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The summary below was written by the Congressional Research Service, which is a nonpartisan division of the Library of Congress, and was published on Sep 4, 2018.
United States Ports of Entry Threat and Operational Review Act
(Sec. 2) This bill directs U.S. Customs and Border Protection (CBP) to submit to the congressional homeland security and tax committees a threat and operational analysis of U.S. air, land, and sea ports of entry.
Such analysis shall include an assessment of:
current and potential threats posed by individuals and organized groups seeking to exploit security vulnerabilities at ports of entry or to unlawfully enter the United States through such ports of entry; methods and pathways used to exploit security vulnerabilities at ports of entry; improvements needed at ports of entry to prevent the unlawful movement of people, illicit drugs, and other contraband across U.S. borders; improvements needed to enhance travel and trade facilitation and reduce wait times at ports of entry; and processes conducted at ports of entry that do not require law enforcement training and could be filled with non-law enforcement staff or by the private sector, or be automated. In compiling such analysis, CBP shall consider and examine: (1) personnel needs, including K-9 Units, and estimated costs, at each port of entry; (2) technology needs, including radiation portal monitors and non-intrusive inspection technology, and estimated costs at each port of entry; and (3) infrastructure needs and estimated costs at each port of entry.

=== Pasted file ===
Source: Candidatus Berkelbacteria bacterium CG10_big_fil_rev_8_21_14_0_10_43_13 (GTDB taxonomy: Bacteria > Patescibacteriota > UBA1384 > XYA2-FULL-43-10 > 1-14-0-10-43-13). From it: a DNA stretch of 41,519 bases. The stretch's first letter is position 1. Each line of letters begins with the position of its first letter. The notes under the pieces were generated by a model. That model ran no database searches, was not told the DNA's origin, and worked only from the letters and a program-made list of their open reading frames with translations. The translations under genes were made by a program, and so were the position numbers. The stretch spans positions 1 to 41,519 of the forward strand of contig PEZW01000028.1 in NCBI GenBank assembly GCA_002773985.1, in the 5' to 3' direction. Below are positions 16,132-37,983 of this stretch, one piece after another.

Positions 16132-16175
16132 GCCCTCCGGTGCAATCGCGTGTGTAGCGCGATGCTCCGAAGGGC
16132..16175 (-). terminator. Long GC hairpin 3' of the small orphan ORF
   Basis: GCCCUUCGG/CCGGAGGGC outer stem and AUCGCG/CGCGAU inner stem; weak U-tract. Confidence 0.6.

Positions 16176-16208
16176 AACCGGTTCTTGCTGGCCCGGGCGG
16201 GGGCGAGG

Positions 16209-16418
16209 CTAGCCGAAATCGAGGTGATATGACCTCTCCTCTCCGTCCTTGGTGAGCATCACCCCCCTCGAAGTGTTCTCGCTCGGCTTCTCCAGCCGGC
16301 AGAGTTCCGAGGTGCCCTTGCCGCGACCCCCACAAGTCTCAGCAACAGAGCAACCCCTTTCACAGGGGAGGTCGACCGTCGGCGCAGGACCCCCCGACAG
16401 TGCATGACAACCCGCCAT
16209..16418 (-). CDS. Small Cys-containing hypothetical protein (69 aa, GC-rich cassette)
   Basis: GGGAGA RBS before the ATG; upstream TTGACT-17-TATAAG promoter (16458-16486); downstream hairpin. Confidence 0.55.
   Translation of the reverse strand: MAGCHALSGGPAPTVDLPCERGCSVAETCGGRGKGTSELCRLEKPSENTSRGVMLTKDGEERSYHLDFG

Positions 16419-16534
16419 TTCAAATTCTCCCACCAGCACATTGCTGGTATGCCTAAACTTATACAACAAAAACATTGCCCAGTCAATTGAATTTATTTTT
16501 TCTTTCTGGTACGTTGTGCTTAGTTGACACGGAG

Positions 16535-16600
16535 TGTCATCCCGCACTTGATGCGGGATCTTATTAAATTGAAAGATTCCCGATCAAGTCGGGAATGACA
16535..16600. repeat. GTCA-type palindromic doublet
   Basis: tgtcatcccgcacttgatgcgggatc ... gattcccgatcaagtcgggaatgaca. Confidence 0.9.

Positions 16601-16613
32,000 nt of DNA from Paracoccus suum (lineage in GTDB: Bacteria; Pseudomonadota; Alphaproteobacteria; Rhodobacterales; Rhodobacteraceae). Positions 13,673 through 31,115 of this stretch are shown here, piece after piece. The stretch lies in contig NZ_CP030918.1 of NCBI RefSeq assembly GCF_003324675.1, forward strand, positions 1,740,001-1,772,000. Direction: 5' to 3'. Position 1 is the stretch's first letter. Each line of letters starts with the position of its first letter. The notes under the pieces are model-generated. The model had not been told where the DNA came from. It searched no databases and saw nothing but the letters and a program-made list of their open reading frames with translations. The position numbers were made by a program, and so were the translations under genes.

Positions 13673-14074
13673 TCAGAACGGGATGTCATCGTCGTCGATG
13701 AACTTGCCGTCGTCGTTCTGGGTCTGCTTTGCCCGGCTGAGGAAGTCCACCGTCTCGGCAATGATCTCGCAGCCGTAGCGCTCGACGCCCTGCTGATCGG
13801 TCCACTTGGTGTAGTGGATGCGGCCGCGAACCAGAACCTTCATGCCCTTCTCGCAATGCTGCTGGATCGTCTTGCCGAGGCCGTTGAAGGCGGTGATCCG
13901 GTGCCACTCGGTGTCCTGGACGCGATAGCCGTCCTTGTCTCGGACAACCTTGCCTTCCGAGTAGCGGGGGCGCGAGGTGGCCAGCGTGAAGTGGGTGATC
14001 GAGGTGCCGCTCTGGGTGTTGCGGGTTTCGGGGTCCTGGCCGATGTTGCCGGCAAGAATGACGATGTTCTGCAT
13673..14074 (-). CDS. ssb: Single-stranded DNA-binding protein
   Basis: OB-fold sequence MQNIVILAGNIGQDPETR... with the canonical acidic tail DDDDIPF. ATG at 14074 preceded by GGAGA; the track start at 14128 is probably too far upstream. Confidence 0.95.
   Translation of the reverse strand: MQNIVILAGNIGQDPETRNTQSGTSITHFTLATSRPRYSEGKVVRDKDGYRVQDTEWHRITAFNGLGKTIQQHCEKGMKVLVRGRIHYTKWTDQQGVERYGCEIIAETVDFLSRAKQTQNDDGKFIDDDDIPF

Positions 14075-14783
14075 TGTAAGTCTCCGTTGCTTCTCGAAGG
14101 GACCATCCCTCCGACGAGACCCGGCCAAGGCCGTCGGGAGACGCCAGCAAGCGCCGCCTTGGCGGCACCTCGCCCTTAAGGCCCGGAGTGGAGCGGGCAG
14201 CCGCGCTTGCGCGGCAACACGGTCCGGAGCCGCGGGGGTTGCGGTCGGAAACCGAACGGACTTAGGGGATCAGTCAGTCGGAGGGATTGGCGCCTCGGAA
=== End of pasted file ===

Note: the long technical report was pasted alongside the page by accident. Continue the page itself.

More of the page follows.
CBP shall, at specified intervals, provide to the committees a ports of entry strategy and implementation plan.